An account on women’s participation in PIM (Participatory Irrigation Management)
Even though women make up a significant proportion of the farmers in India, mainstreaming gender concerns in the domain of irrigation in agriculture seems to be a vision of a distant future. Involving women in irrigation projects is popularly equated with increasing their numbers in the Water User Associations (WUAs), and as many studies point out, their participation has largely remained tokenistic. Women’s participation and representation have continued to remain skewed in irrigation management and various other domains of natural resource management. Yet one can see that women’s relationship with water runs deep as in a majority of households the collection of drinking water is still considered a woman’s duty. To understand the gender realities in irrigation, and make sense of women’s participation on ground, I undertook my fieldwork, in one of the states implementing the Participatory Irrigation Management Act- Madhya Pradesh.
A brief history of PIM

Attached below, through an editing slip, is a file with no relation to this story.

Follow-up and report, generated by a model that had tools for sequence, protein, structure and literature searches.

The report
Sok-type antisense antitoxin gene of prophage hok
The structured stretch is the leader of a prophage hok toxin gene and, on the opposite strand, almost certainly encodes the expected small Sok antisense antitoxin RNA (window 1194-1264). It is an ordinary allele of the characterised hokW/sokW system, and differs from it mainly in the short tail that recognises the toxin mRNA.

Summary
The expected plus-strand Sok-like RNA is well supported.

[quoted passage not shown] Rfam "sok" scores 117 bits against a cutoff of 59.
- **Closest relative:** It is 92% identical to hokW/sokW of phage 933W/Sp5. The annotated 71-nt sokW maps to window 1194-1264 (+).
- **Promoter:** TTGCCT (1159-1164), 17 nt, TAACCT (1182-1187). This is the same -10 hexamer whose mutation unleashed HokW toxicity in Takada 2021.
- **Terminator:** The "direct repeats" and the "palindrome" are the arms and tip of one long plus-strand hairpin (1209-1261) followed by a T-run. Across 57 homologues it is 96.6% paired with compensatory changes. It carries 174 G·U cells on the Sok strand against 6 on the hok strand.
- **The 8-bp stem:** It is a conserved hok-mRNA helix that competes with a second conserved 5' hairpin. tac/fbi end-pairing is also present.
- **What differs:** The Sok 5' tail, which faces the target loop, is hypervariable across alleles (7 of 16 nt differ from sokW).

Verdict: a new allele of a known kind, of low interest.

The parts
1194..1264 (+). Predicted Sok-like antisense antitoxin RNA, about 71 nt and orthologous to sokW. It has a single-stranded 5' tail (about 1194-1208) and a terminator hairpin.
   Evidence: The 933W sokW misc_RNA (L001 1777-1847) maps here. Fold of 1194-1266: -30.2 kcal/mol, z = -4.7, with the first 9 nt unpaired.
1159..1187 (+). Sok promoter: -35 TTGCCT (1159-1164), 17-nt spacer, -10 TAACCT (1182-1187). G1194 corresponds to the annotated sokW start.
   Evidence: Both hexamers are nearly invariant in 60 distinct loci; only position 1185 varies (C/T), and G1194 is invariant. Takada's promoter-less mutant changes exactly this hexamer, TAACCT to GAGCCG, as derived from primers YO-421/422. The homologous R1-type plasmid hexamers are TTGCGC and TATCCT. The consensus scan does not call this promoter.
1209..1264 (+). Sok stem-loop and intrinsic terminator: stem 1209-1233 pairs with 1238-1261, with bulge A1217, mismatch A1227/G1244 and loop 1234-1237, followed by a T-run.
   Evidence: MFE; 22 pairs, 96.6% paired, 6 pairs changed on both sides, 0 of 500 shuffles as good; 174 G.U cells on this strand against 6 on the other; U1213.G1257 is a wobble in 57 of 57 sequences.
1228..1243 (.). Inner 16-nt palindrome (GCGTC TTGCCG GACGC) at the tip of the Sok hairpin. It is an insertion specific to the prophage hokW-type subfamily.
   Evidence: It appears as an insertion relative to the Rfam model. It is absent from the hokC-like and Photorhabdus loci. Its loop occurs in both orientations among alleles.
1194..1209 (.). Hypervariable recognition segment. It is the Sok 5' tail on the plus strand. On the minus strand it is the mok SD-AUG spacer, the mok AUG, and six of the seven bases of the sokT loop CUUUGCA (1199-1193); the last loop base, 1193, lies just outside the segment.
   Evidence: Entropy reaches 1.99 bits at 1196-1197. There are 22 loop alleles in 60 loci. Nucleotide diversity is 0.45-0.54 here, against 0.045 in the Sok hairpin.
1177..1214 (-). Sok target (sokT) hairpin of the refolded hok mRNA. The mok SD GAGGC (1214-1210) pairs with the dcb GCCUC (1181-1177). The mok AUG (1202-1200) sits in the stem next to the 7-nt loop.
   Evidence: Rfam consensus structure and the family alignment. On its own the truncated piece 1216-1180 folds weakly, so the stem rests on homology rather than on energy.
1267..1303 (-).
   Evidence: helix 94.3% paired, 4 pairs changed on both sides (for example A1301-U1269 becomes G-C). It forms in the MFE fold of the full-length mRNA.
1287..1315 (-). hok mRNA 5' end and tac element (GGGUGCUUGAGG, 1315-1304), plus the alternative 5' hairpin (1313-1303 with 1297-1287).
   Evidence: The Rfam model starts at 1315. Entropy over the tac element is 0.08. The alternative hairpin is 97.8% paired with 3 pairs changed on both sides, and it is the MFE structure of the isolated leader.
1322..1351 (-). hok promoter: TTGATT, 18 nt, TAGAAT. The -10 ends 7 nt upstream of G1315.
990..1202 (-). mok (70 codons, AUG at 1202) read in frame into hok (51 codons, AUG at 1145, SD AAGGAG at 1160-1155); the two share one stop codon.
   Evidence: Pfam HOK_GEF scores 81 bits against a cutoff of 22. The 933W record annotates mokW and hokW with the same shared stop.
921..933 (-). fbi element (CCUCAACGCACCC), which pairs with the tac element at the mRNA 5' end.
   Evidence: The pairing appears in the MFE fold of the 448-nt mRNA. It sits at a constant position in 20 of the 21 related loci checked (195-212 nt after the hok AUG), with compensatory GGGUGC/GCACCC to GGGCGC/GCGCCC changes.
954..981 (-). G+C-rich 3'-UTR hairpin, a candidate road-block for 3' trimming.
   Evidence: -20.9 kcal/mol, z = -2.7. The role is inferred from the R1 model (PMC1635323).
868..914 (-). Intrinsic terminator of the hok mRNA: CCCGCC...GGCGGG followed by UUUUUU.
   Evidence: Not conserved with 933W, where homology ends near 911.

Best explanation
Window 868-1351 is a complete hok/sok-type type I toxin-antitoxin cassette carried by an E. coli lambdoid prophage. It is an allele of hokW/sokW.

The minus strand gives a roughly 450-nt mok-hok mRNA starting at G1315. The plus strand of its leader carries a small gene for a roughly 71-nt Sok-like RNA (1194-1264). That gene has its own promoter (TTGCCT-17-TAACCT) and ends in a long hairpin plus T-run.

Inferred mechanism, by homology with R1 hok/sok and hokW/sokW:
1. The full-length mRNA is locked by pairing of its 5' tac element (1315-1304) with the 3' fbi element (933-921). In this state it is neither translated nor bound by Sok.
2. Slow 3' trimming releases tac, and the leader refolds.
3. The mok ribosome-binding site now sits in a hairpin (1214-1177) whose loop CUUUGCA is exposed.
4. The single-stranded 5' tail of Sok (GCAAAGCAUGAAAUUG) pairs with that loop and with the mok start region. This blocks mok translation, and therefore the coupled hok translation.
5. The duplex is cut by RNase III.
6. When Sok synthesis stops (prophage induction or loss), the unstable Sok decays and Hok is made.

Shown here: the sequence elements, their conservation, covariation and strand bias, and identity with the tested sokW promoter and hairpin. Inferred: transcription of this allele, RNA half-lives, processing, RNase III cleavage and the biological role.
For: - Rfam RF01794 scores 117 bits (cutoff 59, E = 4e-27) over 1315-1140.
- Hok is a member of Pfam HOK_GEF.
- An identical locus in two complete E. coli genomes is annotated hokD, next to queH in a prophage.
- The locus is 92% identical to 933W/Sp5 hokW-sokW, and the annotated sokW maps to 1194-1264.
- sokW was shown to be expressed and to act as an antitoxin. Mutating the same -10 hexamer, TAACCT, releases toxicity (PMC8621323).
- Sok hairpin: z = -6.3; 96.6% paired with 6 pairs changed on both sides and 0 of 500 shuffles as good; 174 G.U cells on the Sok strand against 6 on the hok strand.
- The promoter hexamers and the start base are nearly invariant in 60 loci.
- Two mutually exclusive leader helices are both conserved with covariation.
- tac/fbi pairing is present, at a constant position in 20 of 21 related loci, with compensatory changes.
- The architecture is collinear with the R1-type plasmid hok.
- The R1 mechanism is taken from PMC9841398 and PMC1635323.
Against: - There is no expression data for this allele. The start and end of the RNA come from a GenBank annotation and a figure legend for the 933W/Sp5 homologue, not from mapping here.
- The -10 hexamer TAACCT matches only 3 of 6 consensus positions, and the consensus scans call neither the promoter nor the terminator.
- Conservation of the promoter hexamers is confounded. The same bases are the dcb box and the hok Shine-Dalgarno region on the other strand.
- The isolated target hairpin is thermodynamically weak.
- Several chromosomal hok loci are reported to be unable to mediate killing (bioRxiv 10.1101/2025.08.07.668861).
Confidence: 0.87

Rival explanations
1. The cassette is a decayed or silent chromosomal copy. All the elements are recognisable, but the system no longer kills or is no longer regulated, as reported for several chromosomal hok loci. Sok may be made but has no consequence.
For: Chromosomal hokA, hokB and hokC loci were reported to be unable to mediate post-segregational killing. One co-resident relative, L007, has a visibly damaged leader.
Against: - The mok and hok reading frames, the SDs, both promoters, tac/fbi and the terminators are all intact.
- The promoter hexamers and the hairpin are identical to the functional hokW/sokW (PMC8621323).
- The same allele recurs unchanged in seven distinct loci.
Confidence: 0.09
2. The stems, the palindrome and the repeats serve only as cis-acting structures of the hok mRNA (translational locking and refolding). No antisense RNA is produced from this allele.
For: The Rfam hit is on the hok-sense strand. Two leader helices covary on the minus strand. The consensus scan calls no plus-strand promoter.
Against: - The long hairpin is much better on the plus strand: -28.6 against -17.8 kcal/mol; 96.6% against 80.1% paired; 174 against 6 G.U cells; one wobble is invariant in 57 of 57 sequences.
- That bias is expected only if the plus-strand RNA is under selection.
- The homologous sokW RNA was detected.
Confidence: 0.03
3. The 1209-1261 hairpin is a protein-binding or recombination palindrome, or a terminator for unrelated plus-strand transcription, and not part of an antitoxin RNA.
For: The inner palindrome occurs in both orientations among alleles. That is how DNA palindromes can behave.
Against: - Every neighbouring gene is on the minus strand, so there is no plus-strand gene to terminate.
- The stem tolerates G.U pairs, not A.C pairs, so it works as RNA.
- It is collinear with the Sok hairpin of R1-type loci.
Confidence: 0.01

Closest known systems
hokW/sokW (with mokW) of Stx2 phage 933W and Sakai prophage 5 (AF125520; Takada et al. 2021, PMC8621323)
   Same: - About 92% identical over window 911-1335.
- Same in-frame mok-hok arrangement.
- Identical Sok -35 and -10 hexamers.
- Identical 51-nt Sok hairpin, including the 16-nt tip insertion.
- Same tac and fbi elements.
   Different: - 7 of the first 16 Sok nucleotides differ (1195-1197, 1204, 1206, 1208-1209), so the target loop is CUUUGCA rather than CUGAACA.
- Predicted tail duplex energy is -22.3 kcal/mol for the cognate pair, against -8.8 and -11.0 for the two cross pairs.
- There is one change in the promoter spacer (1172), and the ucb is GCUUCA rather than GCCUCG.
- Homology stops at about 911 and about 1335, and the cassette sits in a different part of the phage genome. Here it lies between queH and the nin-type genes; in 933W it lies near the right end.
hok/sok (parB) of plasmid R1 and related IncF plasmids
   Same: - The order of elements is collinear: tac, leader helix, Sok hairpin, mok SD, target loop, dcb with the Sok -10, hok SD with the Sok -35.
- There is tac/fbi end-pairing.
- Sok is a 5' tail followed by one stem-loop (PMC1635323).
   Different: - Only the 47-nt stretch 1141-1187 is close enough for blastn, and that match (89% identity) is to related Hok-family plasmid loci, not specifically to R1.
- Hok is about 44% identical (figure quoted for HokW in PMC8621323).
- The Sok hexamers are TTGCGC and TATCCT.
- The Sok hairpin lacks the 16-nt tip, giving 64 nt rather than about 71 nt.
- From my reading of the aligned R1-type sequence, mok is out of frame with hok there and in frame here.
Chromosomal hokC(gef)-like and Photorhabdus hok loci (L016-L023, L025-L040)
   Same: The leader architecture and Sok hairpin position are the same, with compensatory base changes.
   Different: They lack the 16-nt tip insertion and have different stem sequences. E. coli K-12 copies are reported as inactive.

The tragedy of irrigation in India is that trillions of litres of water stored in our large dams have not reached the farmers for whom they are meant. Participatory Irrigation Management (PIM) attempts to address this challenge of last mile connectivity in irrigation. In this approach, farmers get together to manage the water resources in their part of the command area in an equitable and sustainable manner. This concept gained currency with its inclusion in the National Water Policy in 1987. Some civil society organizations have been at the forefront of work relating to PIM and have successfully pioneered many action research programmes around the formation of WUAs. The first state to implement the PIM Act was Andhra Pradesh, followed by Madhya Pradesh. Both these acts recognize women as ‘landowners’ thereby legitimate ‘water users’ in the Water User Association, akin to men. But is it a visible reality?